Action in Pilliod Appeal 

In separate appellate action related to the Roundup litigation, last week lawyers for Alva and Alberta Pilliod filed a brief asking the California appeals court to order damages awards for the married couple totaling $575 million. The elderly couple – both stricken with debilitating cancer they blame on exposure to Roundup – won more than $2 billion at trial, but the trial judge then lowered the jury award to $87 million.

The slashing of the damage award was excessive, according to lawyers representing the couple, and does not sufficiently punish Monsanto for its wrongdoing.

“The three California juries, four trial judges, and three appellate justices who have reviewed Monsanto’s misconduct have unanimously agreed there is “substantial evidence that Monsanto acted with a willful and conscious disregard of others’ safety,” the Pilliod brief states.  “Monsanto’s claim that it is the victim of “injustice” in this case rings increasingly hollow in light of these unanimous and repeated findings.”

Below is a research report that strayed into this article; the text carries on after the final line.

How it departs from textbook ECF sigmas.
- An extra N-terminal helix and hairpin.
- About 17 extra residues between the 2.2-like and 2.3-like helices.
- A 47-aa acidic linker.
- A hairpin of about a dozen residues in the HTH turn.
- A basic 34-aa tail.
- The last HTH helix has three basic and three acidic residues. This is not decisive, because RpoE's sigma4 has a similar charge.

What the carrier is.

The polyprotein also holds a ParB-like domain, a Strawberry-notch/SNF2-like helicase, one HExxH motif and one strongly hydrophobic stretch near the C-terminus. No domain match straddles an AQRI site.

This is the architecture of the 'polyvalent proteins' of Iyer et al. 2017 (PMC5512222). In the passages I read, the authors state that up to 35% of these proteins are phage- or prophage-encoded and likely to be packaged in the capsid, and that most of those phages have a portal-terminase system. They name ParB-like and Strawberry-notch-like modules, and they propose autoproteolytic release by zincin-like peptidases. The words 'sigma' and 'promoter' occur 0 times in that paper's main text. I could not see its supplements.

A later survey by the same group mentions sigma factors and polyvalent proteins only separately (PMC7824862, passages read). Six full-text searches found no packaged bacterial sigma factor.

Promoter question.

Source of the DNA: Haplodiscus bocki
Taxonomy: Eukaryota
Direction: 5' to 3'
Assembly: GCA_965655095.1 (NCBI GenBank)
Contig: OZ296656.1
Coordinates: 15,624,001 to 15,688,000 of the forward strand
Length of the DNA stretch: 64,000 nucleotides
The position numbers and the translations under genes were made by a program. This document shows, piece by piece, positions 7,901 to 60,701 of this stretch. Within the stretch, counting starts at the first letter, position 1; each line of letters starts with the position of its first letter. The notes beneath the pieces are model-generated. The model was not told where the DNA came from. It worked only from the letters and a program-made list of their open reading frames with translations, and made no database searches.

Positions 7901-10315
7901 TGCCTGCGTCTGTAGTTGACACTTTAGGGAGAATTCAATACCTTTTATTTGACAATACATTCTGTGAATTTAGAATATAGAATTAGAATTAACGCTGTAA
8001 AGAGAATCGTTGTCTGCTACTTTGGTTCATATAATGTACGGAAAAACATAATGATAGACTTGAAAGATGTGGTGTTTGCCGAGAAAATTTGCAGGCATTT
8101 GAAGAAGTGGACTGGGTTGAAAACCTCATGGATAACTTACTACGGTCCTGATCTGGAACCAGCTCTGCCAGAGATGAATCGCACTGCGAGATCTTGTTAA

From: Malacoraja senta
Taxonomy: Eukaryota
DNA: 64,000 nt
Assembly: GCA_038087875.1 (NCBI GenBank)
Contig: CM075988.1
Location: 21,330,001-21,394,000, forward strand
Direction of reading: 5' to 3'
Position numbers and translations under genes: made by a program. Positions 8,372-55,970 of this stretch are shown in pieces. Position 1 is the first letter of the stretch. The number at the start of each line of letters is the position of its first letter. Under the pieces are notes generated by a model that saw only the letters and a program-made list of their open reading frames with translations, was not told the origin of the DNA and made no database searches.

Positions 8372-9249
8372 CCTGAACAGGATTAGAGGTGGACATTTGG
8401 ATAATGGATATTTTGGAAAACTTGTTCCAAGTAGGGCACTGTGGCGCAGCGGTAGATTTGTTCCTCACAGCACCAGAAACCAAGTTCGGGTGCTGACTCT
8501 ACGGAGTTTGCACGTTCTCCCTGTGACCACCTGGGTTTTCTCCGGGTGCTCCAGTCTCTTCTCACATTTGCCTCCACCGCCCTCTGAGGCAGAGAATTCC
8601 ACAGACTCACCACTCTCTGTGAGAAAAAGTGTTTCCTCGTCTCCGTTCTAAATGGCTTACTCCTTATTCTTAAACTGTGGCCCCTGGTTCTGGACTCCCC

The lawyers are asking the court to award a 10-to-1 ratio of punitive damages to compensatory damages.

“The true victims of injustice in this case are the Pilliods, who have both suffered from a devastating and debilitating disease because of Monsanto’s malfeasance,” the brief states. “The jury, in determining that decent citizens need not tolerate Monsanto’s reprehensible behavior, rightly concluded that only a substantial punitive damage could punish and deter Monsanto.”

Appeals court upholds groundskeeper’s Roundup cancer trial win over Monsanto

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In yet another court loss for Monsanto owner Bayer AG, an appeals court rejected the company’s effort to overturn the trial victory notched by a California school groundskeeper who alleged exposure to Monsanto’s glyphosate herbicides caused him to develop cancer, though the court did say damages should be cut to $20.5 million.